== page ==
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The fountain in the Court ceased playing of course; and then it came out how much money was owing to the Water Company, in which Sir Jasper was a shareholder. The scrip, it is needless to say, had been mortgaged for twice its value. Money had been raised upon every thing on which it was possible to raise a stiver,—upon title-deeds and dock-warrants, upon bills and cheques, upon bills-of-sale of phantom furniture, upon shares, and bonds, and bills of lading, and policies of insurance, and reversions, and the contents of Mammon's waste-paper basket generally. The assets, if they could only have been realised, ought to have been enormous. Hundreds of thousands of pounds sterling were owed to Sir Jasper Goldthorpe; only Brumm Brothers of Finsbury Circus, and Poulgar and Tyke of Manchester, and J. C. Whittlestool of New York, and Solomon Bennosey and Co. of Vienna and Trieste, and Jacob van Scholdup and Nephews of the Hague, and Caïkjee, Ferikjee, and Bostandji - Bashi of Constantinople,—those great Greek bankers and farmers of the MoldavioWallachian tribute,—all happened to smash up simultaneously with Sir Jasper Goldthorpe, or as early, at least, as the return of post would permit them. None of these reputedly-wealthy houses had any assets worth speaking of; and people did say that Brumm Brothers never had any more tangible representatives than a very large mahogany-desk, and an office-boy at fifteen shillings a week; that Poulgar and Tyke of Manchester were simply myths; that J. C. Whittlestool of New York was a gentleman of the “loafing" persuasion, who, after an unsuccessful speculation in dry goods, had taken to school-teaching, and to lecturing on the Od. Force, and to writing epic poems and five-act tragedies, purporting to be the composition of Edmund Spenser and William Shakespeare respectively, for a spirit-rapping circle at Fantombrowski City, Mass. Ugly rumours also got abroad that Solomon Bennosey and Jacob van Scholdup, Company, Nephews, and all, were personages equally fabulous with the foregoing; and that Caïkjee, Ferikjee, and Bostandji-Bashi were only petty money-changers in the Grande Rue de Péra. Be it as it may, nothing came out of the stoppage or the “liquidation" of these shadowy firms; in fact, they liquidated themselves so completely, that their names might have been written in water.

Sir Jasper Goldthorpe was seen no more on his accustomed walk in the Royal Exchange. He took his name off the books of the Callipash Club in Old Broad Street. He was one of the Wardens of the Worshipful Company of Battle-axe Makers; but he did not join that ancient Society at their June feast in Battle-axe-Makers' Hall, or drink prose perity to the Company “root and branch.” He was to have taken the chair at the annual dinner of the Hospital for Elephantiasis; but declining the honour, for obvious reasons, the indefatigable Secretary, W. R. Y. Noceros, Esq. (subsequently public prosecutor to the Royal Society for the Prevention of Cruelty to Fleas,— the post which friendly George Gafferer tried so hard to obtain), succeeded in persuading his Grace the Duke of Clubfoot to officiate as chairman, who, had he not been stone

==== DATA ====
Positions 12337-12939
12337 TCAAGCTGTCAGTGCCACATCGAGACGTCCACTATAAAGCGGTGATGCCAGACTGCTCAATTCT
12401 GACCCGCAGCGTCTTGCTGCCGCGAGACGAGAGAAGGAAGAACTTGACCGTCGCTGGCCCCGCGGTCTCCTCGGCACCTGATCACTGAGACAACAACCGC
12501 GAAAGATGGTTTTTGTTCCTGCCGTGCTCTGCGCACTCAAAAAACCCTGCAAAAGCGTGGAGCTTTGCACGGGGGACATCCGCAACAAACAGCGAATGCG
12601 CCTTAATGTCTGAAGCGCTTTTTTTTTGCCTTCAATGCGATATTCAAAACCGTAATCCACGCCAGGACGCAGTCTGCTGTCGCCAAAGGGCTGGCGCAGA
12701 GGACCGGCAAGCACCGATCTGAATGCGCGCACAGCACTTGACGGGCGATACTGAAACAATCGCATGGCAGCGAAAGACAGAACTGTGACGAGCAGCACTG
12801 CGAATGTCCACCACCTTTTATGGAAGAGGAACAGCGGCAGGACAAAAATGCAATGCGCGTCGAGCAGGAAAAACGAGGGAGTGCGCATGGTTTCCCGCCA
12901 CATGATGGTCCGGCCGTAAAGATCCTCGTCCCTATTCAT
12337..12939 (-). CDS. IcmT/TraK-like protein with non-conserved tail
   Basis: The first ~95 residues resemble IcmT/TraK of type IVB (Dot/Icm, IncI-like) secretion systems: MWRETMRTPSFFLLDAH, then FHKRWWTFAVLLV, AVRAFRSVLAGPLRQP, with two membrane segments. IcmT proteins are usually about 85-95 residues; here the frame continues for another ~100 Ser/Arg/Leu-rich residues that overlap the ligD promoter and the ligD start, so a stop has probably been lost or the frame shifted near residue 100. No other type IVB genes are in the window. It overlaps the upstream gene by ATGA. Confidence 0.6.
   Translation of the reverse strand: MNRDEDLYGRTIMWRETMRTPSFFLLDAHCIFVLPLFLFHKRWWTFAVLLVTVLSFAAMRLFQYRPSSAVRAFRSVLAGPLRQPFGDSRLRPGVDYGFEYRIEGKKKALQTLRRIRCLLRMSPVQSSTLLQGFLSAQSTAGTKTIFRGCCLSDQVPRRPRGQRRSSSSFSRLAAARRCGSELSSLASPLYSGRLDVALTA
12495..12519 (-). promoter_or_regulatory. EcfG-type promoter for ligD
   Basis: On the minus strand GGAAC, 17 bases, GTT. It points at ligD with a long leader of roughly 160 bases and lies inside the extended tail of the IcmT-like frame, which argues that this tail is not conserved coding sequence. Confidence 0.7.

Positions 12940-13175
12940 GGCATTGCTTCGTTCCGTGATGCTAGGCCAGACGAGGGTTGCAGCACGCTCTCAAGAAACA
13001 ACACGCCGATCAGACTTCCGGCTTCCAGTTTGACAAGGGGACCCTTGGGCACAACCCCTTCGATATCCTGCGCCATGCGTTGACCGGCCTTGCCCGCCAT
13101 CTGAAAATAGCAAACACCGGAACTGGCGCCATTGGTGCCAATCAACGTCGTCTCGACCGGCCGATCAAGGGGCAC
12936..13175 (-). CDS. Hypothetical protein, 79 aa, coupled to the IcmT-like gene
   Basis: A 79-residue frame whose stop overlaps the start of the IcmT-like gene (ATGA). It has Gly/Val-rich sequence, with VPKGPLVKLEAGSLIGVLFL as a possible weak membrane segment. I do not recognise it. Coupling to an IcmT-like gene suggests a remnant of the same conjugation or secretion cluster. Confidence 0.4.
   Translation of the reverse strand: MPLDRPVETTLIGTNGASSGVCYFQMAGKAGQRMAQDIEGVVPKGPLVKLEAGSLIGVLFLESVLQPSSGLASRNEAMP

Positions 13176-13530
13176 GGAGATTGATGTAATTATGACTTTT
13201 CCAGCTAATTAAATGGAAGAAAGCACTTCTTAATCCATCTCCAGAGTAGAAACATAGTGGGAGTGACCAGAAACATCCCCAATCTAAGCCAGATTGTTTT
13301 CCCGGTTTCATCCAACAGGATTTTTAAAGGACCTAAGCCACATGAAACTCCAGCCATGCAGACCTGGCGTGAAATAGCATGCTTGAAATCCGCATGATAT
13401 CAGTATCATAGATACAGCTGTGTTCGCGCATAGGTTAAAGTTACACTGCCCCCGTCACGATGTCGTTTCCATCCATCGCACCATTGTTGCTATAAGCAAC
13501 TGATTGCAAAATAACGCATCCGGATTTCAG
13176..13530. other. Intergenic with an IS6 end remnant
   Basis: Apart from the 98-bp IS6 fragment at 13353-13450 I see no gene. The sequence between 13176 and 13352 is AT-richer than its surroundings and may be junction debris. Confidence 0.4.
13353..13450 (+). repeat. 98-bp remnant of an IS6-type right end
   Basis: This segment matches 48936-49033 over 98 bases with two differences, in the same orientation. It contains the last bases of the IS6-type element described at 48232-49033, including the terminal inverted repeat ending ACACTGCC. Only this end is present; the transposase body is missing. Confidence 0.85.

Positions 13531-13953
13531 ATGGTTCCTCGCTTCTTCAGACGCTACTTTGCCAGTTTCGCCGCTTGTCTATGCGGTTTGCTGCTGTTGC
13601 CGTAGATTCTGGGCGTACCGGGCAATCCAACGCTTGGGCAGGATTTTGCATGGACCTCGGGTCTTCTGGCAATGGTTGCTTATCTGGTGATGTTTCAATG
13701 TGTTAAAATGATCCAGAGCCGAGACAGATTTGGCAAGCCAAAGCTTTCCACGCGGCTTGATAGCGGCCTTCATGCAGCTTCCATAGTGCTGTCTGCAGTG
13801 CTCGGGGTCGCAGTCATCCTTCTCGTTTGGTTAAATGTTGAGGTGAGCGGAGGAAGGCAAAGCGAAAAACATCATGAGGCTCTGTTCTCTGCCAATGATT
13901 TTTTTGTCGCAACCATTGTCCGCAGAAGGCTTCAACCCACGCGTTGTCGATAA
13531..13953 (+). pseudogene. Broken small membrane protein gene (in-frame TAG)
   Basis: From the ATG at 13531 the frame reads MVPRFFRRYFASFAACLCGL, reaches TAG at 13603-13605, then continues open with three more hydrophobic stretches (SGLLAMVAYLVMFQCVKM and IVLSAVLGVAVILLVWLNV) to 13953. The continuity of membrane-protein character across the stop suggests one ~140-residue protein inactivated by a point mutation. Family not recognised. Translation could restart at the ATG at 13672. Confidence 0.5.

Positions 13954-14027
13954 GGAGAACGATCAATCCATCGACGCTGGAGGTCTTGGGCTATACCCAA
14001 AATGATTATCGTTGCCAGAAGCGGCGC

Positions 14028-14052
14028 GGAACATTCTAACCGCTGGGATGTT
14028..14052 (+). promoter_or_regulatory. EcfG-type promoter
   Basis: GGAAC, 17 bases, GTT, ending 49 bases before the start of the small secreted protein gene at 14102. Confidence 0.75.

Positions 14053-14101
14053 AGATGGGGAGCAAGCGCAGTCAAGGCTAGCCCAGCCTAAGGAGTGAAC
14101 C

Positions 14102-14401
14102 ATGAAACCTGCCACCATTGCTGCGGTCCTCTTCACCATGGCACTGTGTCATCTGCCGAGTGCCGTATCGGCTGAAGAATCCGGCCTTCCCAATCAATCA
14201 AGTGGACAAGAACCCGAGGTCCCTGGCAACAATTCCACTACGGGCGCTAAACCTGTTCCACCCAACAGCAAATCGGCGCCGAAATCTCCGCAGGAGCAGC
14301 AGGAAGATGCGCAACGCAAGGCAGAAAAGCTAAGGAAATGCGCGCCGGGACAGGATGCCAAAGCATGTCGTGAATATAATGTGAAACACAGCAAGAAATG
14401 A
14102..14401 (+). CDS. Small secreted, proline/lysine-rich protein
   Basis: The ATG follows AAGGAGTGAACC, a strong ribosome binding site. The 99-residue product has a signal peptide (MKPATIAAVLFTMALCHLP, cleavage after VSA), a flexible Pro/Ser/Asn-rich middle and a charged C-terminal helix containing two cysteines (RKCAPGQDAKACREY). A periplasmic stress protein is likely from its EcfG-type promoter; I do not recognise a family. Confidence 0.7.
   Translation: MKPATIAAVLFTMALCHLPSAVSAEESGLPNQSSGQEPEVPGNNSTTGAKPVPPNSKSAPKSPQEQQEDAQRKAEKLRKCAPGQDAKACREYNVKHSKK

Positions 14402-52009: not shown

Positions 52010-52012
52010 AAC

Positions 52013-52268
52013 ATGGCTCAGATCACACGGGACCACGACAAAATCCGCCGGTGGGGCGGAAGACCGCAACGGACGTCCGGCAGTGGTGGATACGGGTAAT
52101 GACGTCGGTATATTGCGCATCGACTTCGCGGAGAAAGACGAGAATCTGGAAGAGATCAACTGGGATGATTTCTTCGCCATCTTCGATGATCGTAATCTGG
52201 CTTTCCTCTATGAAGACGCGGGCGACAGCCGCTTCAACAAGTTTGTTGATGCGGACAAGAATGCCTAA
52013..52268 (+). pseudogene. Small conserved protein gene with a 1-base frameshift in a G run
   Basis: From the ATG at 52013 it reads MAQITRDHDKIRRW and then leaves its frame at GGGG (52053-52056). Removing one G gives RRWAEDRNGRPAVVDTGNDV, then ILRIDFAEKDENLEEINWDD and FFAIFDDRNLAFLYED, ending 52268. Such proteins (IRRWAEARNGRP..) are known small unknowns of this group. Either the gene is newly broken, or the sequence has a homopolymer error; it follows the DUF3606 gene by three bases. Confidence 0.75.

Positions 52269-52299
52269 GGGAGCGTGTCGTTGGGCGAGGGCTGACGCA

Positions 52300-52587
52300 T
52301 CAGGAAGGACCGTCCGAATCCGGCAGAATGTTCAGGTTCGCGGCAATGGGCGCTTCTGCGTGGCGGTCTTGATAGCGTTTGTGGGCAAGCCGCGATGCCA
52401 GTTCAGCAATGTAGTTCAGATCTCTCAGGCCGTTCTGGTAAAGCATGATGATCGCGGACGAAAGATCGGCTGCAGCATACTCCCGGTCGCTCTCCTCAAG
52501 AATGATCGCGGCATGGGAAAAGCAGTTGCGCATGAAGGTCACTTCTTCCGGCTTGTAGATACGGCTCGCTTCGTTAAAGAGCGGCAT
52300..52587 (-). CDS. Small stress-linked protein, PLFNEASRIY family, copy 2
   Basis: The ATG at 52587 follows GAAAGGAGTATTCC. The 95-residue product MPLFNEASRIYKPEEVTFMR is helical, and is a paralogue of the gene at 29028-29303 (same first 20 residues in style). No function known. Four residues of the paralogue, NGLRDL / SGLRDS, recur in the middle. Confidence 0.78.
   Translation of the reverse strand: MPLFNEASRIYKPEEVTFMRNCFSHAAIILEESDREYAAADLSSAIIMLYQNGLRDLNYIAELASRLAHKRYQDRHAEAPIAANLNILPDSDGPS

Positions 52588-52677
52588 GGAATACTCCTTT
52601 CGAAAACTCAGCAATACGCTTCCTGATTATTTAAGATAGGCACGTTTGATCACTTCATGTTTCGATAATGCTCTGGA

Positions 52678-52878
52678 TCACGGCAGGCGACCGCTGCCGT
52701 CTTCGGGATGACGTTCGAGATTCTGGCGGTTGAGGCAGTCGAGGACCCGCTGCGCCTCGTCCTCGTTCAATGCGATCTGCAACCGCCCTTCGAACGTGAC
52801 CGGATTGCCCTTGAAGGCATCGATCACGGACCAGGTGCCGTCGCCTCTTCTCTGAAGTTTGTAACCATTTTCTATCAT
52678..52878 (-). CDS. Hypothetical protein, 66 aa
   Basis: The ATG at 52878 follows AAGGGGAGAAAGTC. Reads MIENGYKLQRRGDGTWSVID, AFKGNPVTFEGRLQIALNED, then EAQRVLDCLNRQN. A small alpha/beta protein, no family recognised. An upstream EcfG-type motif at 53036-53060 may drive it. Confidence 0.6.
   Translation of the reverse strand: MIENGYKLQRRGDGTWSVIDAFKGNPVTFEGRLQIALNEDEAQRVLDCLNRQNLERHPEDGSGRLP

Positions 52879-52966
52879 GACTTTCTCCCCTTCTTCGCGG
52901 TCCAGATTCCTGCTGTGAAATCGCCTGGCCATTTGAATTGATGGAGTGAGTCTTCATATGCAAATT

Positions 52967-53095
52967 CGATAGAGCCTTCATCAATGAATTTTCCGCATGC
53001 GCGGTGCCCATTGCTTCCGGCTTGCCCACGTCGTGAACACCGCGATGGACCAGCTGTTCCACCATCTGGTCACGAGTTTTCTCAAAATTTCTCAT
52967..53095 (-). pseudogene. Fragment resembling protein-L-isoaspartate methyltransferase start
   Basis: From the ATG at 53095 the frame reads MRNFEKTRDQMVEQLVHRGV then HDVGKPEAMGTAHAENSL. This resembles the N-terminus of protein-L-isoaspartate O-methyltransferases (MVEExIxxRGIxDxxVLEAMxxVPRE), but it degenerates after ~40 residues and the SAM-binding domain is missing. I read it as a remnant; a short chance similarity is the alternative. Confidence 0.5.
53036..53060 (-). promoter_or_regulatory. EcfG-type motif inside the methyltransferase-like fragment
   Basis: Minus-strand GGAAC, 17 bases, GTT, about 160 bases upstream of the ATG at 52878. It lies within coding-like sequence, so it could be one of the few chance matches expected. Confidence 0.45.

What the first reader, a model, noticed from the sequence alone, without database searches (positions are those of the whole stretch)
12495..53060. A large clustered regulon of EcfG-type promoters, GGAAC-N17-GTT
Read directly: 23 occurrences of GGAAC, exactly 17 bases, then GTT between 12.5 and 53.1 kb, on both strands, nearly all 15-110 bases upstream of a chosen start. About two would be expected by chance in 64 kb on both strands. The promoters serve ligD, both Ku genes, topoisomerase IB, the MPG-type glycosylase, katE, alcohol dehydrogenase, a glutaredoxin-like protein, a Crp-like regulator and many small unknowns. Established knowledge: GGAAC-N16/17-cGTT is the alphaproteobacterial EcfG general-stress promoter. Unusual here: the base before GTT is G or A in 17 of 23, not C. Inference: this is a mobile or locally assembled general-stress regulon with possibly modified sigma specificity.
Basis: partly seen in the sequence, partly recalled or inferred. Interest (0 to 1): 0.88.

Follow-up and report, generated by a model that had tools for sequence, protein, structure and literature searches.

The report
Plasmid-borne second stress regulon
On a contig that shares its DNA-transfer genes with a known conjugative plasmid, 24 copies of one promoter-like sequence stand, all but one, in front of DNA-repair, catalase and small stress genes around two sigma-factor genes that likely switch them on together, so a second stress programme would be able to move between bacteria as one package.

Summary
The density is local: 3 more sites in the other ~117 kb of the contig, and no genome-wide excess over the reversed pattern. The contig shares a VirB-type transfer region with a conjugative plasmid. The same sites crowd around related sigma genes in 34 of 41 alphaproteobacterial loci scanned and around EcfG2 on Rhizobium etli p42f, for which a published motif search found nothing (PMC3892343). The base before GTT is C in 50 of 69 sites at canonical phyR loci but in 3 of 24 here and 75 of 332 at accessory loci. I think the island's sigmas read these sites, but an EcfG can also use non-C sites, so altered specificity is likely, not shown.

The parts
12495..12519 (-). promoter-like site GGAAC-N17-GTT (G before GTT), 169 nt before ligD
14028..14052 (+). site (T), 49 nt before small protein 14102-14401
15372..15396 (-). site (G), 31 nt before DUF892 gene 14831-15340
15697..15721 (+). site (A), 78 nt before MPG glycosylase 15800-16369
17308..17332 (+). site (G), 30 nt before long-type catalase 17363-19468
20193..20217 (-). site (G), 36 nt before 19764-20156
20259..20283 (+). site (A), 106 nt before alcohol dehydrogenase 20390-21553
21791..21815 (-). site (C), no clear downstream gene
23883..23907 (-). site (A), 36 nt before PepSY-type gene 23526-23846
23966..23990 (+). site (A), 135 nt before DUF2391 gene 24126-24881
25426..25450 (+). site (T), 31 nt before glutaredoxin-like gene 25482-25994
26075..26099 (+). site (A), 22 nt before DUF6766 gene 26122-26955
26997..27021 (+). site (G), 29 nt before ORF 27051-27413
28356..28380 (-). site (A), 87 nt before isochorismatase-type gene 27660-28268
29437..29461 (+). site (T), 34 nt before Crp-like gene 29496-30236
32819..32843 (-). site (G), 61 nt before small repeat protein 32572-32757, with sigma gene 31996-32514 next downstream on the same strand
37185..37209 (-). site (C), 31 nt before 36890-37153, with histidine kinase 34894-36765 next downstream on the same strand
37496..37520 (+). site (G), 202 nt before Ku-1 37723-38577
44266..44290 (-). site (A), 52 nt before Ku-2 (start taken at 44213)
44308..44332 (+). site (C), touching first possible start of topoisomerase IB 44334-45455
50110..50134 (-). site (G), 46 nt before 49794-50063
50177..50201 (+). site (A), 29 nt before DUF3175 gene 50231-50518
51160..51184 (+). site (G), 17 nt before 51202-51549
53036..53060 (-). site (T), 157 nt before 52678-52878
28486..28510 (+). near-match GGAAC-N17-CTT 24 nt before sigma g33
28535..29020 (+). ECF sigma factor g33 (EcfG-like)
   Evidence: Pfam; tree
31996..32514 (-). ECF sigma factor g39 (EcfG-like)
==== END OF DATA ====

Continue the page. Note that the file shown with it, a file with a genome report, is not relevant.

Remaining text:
deaf, and had he not in his speech in advocacy of the claims of the Insti tution confounded it with the Royal Queen-Charlotte Institution for supplying Wet-nurses with Snuff, would have afforded the highest satisfaction to the numerous and distinguished company present.

It was about this time that Sir Jasper's former chums and associates -if a man so mighty can be said to have ever had chums or associateswere found to turn their heads the other way, or to cross discreetly to the other side of the road, when the ruined man crept by on his way to his lawyers'. The cabmen, too, whom he had once held in such awe, now openly scorned him, and would have over-charged him because he was poor, and braved his ire had be remonstrated. The red-nosed and whiteaproned ticket-porters, the ward-beadles and turncocks, the hangers-on at City taverns and coffee-houses, even the man who sold dog-collars, pocket-books, and toy copper coal-scuttles and coffee-pots, under the lee of Bow Church and the Poultry Chapel, quite forgot to touch their hats now when the Baronet passed. With that idiosyncrasy peculiar to ruined men, he persisted in hanging about the scenes of his former glories ;-a poor broken-down old Marius wandering amidst the ruins of a golden Carthage. There was no great need for him to be seen on the eastern side of Temple Bar. He was not often wanted at his lawyers' or at Basinghall Street; in fact, they could have got on quite as well there without as with him. But he would hanker after the old scenes ; he would prowl about Beryl Court, and the marts and exchanges where he had been so well known, and where he had achieved in bygone times such triumphant successes. Some of his former companions took it quite ill that he did not absent himself for good and all. He was smashed; he was done for ; he belonged henceforth to the Court and the Commissioners. What did he want “humbugging”—I use their terms, not